Last week's highly publicized claims that meteorologists had solved the mystery of the Bermuda Triangle are being called into question by the very scientist who was credited with finding the answer.
The proposed hypothesis, that microbursts conjured from hexagonal-shaped clouds over the Triangle were responsible for downing ships and planes, garnered considerable media attention after it was featured on the Science Channel.
As tends to happen, the story quickly spread throughout the press and morphed, in many places, into a declaration that the legendary mystery had finally been solved.
However, the expert featured on the segment that started it all has stepped forward to express his dismay at the furor.
Randy Cerveny, who was the proverbial 'star' of the story, told the Washington Post that he was aghast at his fifteen minutes of fame, especially since it involved the ignoble, in scientific circles, Bermuda Triangle.
Cerveny claimed that his statements in the segment suggesting that microbursts were behind the disappearances in the Triangle were "a straw man explanation."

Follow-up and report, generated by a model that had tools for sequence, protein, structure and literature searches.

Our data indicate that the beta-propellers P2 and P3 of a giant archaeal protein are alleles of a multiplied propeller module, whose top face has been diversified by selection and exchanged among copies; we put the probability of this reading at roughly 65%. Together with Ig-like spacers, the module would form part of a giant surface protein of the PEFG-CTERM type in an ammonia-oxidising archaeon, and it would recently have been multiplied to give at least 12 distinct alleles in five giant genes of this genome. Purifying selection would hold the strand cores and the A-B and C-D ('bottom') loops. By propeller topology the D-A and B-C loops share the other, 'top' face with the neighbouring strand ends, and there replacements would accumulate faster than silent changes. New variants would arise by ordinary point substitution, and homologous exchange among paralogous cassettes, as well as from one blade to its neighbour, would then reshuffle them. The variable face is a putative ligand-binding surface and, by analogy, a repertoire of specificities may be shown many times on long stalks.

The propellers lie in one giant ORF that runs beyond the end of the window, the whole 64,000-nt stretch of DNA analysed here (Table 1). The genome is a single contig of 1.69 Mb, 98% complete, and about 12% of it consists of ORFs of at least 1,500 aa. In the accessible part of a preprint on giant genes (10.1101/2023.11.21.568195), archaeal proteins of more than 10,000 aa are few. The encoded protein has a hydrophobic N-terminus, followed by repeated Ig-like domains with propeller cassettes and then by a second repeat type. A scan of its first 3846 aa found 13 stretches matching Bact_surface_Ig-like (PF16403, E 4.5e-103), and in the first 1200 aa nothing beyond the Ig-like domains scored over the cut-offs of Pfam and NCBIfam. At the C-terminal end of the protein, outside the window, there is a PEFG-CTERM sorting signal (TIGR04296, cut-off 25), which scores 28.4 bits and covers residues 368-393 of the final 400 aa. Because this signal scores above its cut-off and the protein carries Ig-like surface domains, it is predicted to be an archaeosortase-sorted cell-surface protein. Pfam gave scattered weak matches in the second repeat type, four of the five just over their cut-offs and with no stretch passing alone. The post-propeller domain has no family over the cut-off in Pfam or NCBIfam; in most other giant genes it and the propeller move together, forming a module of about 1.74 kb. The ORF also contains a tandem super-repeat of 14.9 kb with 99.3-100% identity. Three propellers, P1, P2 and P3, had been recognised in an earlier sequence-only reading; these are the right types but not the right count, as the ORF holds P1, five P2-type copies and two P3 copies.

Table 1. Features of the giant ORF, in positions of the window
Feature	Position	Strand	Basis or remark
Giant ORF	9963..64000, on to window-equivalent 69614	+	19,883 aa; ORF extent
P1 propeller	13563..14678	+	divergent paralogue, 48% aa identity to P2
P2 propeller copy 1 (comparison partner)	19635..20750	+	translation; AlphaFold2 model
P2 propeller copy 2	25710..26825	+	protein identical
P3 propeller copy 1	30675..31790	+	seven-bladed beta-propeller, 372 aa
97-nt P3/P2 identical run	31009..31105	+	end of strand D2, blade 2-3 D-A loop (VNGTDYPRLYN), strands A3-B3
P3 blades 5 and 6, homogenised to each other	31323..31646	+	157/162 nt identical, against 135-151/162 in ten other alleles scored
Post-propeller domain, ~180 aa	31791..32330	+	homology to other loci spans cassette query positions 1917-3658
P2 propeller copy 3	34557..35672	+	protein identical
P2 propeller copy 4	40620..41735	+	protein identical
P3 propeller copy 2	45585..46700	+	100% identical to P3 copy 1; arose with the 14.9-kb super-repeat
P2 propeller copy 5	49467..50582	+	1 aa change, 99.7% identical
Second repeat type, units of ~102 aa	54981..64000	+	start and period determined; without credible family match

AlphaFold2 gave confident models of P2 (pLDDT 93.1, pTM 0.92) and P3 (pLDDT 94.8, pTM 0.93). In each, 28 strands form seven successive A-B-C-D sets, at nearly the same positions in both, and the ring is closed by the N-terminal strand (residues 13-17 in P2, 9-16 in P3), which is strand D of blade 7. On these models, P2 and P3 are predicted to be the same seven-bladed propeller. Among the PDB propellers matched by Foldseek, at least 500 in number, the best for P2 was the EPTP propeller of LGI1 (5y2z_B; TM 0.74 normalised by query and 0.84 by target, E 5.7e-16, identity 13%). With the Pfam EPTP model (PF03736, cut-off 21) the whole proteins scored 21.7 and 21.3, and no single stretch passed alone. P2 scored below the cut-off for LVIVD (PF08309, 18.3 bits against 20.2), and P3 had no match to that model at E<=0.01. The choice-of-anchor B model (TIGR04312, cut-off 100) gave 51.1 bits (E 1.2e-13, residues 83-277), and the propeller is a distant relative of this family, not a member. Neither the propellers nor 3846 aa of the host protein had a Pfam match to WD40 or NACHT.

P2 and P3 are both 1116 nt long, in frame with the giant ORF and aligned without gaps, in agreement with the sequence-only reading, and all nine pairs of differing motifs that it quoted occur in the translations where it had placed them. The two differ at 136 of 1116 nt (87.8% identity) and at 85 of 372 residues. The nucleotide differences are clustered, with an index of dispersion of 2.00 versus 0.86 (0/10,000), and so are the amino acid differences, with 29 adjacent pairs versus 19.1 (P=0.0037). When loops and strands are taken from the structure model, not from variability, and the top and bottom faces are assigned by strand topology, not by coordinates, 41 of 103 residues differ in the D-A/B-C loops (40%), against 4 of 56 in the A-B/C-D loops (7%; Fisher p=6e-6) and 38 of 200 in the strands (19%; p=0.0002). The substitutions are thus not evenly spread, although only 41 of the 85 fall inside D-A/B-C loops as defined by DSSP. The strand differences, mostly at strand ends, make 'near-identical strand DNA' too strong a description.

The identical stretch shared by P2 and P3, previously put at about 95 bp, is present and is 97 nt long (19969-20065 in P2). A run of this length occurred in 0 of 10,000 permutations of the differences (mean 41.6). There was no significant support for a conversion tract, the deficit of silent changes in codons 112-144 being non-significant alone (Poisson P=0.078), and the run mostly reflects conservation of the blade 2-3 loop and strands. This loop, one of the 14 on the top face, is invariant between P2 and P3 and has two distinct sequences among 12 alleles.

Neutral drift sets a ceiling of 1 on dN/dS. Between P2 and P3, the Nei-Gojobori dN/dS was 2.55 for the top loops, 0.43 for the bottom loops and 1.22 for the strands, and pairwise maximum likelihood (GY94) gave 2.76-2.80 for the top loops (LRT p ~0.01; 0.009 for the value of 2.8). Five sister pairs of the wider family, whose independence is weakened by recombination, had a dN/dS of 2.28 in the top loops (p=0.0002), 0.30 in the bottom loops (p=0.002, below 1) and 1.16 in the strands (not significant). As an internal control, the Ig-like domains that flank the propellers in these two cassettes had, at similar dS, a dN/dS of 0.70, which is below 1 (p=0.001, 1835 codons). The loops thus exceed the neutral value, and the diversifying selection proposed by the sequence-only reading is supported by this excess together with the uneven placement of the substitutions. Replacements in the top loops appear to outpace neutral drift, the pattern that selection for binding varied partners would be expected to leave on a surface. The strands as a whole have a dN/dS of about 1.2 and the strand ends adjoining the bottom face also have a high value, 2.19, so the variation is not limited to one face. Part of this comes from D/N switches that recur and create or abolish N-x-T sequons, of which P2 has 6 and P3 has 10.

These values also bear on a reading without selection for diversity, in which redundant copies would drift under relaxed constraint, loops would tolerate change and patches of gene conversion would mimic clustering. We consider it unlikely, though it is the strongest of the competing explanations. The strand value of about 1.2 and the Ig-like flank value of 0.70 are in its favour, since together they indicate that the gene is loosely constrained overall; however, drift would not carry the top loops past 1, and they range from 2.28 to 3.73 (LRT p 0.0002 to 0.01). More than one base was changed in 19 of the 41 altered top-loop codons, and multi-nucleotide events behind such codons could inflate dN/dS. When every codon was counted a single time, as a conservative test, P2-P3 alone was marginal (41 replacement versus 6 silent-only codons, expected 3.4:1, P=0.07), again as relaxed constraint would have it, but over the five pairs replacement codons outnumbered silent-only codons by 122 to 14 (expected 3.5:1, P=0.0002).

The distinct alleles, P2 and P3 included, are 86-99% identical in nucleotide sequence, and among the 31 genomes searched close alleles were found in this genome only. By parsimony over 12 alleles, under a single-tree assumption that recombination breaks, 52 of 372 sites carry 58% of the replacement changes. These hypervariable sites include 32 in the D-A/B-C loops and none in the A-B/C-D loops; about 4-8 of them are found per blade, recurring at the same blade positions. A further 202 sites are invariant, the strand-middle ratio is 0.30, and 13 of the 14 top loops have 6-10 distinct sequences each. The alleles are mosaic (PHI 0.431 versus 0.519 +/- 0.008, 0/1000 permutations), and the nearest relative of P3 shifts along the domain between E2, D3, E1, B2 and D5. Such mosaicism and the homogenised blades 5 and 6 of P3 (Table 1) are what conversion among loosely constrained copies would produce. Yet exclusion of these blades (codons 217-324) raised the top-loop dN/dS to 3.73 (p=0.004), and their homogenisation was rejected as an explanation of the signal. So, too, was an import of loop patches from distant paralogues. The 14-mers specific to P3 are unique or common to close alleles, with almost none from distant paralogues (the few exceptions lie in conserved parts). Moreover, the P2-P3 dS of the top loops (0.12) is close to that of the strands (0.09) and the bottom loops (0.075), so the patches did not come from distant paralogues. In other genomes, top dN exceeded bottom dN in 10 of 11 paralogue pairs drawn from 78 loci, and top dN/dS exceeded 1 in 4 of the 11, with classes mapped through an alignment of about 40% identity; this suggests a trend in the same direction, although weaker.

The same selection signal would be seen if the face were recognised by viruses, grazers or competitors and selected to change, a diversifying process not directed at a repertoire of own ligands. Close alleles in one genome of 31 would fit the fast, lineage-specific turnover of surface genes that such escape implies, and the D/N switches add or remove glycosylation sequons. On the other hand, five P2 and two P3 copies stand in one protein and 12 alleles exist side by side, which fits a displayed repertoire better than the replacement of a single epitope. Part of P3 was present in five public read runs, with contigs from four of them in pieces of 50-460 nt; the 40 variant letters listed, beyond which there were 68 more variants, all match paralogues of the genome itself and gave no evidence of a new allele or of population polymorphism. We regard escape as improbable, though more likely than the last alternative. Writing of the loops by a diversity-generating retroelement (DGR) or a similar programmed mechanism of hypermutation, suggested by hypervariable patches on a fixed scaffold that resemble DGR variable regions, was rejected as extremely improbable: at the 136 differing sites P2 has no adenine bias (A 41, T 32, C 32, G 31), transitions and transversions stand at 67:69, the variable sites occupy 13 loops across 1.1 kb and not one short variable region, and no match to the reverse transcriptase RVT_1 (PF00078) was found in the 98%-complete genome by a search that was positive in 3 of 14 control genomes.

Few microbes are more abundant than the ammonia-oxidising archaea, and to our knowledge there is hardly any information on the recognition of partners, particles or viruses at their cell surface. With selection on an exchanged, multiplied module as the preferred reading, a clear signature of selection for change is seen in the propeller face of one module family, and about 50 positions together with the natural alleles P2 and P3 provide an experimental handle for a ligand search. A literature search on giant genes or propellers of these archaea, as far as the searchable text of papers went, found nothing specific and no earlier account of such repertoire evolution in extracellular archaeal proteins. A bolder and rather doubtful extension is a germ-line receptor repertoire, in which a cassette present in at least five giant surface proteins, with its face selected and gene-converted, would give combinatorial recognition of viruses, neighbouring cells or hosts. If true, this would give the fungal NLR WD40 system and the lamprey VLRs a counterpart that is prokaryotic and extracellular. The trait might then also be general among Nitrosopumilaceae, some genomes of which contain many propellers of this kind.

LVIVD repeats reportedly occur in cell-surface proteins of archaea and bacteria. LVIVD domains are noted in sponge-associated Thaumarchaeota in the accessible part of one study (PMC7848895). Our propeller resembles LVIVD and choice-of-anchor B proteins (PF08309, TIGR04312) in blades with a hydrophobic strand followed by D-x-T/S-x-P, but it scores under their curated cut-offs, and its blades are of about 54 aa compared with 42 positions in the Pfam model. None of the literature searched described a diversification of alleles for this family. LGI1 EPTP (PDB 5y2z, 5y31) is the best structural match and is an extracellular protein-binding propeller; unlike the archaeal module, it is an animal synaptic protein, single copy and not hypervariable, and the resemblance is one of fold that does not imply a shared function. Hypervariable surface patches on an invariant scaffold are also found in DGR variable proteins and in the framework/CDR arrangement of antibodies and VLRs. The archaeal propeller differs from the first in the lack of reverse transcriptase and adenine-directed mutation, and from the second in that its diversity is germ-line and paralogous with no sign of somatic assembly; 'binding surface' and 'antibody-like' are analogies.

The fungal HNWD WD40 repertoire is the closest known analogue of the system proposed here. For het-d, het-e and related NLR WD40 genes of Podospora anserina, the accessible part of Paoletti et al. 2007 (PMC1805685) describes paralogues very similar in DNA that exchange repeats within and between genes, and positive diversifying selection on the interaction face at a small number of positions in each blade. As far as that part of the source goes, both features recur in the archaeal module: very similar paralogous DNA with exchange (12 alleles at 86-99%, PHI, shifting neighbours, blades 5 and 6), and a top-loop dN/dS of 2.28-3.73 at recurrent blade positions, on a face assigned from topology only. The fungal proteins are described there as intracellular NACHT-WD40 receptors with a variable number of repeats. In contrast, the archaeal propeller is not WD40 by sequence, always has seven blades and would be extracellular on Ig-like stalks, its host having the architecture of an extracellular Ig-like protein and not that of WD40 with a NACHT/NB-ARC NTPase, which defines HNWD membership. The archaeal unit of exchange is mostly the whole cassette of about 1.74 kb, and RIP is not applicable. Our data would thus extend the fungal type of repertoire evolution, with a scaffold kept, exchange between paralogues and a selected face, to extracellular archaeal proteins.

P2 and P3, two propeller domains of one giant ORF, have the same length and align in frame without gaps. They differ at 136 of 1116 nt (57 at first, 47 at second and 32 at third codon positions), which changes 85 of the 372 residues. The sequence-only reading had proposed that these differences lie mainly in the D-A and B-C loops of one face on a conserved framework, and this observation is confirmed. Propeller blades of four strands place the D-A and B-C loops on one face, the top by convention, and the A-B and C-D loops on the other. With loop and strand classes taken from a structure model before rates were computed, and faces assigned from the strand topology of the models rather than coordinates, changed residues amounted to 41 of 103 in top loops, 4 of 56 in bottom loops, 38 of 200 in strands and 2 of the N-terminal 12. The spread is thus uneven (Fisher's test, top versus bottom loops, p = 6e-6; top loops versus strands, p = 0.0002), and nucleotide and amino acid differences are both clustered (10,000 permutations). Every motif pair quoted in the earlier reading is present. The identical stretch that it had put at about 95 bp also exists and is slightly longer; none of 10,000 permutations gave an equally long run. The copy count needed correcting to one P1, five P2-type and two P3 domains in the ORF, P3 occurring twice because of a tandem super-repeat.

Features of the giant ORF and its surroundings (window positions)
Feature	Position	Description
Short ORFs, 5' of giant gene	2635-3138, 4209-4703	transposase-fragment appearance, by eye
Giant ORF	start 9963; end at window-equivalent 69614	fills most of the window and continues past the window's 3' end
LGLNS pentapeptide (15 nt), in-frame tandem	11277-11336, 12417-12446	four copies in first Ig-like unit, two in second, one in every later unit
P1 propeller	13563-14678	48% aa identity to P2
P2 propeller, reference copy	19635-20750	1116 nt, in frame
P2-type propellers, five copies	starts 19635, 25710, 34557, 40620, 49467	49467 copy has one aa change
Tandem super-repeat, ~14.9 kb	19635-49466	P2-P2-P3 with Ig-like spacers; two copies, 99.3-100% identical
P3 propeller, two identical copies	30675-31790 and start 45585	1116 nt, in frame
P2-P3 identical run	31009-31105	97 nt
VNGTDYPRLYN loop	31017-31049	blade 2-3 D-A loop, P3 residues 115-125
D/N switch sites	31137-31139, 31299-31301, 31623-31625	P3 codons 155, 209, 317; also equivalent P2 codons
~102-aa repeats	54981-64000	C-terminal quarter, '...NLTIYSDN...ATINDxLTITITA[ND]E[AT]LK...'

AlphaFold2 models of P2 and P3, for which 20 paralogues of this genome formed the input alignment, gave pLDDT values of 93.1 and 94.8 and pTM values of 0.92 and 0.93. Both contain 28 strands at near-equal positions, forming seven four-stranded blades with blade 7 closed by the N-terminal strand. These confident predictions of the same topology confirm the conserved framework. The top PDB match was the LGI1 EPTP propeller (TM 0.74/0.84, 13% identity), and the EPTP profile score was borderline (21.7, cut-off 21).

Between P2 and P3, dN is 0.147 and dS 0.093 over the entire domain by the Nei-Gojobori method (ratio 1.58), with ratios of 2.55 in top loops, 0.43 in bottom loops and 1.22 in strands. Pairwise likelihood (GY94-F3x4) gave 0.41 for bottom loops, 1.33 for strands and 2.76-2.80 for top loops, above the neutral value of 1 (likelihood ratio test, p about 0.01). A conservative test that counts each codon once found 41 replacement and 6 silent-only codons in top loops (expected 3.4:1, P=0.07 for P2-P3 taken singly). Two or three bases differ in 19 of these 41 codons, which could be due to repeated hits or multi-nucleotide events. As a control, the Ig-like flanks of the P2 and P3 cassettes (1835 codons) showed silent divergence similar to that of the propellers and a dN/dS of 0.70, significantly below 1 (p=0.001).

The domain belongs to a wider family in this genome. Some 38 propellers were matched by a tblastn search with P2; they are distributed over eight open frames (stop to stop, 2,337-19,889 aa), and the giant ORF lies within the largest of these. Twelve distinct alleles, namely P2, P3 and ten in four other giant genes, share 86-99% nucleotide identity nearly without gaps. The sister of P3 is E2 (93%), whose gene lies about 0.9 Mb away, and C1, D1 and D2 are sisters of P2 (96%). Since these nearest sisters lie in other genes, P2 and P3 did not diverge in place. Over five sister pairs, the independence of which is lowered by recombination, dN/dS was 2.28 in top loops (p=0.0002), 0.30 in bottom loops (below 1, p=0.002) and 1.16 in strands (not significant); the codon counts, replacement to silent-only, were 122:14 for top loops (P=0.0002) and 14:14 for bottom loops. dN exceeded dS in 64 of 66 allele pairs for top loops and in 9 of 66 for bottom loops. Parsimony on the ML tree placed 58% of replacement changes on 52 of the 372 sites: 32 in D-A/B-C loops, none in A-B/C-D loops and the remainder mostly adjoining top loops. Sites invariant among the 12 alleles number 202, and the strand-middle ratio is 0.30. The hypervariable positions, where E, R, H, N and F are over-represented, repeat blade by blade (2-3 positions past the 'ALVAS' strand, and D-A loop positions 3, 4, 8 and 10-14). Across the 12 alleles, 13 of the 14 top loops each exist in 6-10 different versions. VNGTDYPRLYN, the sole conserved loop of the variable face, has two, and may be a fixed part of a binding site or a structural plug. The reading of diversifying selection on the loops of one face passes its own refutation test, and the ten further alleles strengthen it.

According to Cerveny, he presumed that another scientist on the program would be featured explaining why the theory was implausible and further detailing how the preponderance of disappearances in the Triangle aren't particularly abnormal or mysterious.
Alas, the meteorologist was mistaken and the program, instead, simply ended the segment with the impression that he was advancing this belief and advocating for the idea that there was a mysterious element behind the Triangle disappearances.
"The editing on this was horrendous," he told the Post, "I was really upset when I saw this."
Lest one think that Cerveny is a proponent of a paranormal possibility behind the Triangle disappearances, that seems rather unlikely given his prominent standing in the scientific community.
To that end, he declared that "I have no interest in studying the Bermuda Triangle," ostensibly hoping that his unwanted association with the notorious topic will fade as soon as possible.
Unfortunately for Cerveny, that's probably not going to happen and it's far more likely that he'll forever be linked to the sensationalized 'air bombs' Bermuda Triangle theory.
In his own unique way, the misinterpreted meteorologist may have unwittingly become that latest victim of the infamous Triangle.
Coast Insiders looking to learn what may really be behind the Bermuda Triangle mystery can check out the 4/15/2014 edition of the program featuring researchers Rob MacGregor and Bruce Gernon talking about their 'electronic fog' hypothesis.
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Source: Washington Post